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17.03.2013 Health

BCI develops strategies to demystify breast cancer

Breast Care International (BCI)1
LISTEN MAR 17, 2013
Breast Care International (BCI)1

Kumasi, March 16, GNA - Breast Care International (BCI), a breast cancer awareness NGO, has initiated a number of strategies to demystify breast cancer and encourage women to undertake regular self and clinical breast examination as well as seek early treatment.

Among them is the formation of Breast Cancer Survivors Association (BCSA), which seeks to bring together women, who have survived the disease, to serve as role models, tell their stories to encourage and motivate other women who have been diagnosed of the disease to continue with the treatment.

A training programme has also been introduced for some selected general nurses across the country to professionally equip them both in theory and practice in modern management of breast cancer and other cancers in their health institutions.

Since Ghana has no specialized oncology nursing school to train students, it is anticipated that the participants would be able to better educate members in their communities on the prevention of some types of cancers, self detection of some cancers, importance of early detection and how and when to refer suspected cases to the appropriate institutions.

Dr Mrs Beatrice Wiafe Addai, Chief Executive Officer of BCI, who made these known to the Ghana News Agency in Kumasi, said another strategy was the introduction of Peer Survivor Nurses Navigator System (PSNNS), where a network of nurses had been trained and survivors of breast cancer would undertake community awareness creation in their districts.

The goal is to encourage more women to undertake regular self examination and seek early treatment.

She said the PSNNS, which was being supported by Reverend Tammie Tynese, an American breast cancer survivor, would empower survivors and offer them emotional and financial support to continue with their treatment and medication.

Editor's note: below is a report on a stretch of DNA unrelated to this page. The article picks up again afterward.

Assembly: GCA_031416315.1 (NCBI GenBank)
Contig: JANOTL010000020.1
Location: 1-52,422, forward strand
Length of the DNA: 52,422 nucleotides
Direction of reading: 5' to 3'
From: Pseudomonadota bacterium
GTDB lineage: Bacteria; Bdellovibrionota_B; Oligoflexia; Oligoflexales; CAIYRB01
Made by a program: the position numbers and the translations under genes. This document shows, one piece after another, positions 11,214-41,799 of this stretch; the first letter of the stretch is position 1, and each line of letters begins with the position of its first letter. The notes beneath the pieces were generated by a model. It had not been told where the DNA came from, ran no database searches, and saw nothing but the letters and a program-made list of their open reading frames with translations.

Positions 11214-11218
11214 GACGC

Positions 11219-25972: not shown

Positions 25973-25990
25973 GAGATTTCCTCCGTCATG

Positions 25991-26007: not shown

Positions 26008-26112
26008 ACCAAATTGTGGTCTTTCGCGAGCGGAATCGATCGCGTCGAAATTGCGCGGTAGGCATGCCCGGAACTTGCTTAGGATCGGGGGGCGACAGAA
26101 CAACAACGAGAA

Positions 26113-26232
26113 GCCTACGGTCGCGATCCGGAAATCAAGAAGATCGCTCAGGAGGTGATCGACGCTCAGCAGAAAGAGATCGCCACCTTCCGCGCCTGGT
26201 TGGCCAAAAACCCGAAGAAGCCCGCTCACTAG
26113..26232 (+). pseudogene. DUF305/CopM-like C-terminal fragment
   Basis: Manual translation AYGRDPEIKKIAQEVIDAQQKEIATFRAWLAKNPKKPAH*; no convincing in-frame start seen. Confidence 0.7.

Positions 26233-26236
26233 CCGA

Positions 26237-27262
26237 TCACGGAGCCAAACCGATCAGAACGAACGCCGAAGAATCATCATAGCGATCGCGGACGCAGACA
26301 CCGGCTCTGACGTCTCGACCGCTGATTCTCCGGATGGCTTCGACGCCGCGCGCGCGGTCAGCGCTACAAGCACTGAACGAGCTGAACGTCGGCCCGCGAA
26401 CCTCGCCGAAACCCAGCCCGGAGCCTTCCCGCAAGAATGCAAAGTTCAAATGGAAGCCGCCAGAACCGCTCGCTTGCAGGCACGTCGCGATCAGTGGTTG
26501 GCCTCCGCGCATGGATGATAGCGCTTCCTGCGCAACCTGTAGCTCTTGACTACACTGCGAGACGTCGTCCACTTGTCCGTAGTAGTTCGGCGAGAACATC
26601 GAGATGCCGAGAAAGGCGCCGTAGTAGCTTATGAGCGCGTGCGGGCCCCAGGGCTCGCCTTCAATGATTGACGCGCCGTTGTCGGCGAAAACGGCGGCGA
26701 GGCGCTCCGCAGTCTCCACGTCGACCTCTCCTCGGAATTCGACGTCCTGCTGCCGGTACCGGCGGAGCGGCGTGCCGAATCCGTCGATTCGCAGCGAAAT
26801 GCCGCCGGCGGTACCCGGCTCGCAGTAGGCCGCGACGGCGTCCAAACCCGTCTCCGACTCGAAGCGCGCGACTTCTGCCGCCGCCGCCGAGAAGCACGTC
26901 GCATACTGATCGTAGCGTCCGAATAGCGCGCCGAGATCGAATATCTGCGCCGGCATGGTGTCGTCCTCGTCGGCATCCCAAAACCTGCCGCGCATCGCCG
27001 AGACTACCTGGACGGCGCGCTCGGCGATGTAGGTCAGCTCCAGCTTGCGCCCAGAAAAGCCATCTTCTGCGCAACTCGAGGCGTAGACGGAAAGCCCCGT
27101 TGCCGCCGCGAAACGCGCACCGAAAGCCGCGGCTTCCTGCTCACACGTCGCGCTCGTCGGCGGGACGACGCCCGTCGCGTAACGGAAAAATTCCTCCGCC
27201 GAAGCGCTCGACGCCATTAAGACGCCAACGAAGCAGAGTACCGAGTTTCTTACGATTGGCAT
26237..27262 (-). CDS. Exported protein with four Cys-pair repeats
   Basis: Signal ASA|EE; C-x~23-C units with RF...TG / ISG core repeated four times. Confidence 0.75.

Dr Wiafe Addai noted that demystifying the disease was the only way to reduce its mortality rate.

'BCI and its partners were committed to educate women to understand that the disease was curable and survivable', she added.

She said since 2009 National Cancer Coalition (NCC) of USA and Krebsallinz of German donated essential drugs and medications worth million for the treatment of cancer, mental illness, anti hypertensive and various antibiotics which had been distributed to various public and private health facilities in the country.

Dr Wiafe Addai thanked the partners, including African Women Development Fund, Forever Easy Sanitary Pad, Cedar Point Chemist, Pfizer Ghana, Roche and others for their continued support.

Ms Christina Schuiere, Director of Krebsallianz, said her organisation was very impressed with the work of BCI and the dedication of its leader and pledged the continued support of her organisation to BCI to offer training and awareness creation programme to reduce the fatalities of the disease in the country.

Dr Thomas Roane, Senior Vice President of NCC, said his organisation had a unique partner in Ghana and was proud of the relationship which was yielding very positive results in the country.


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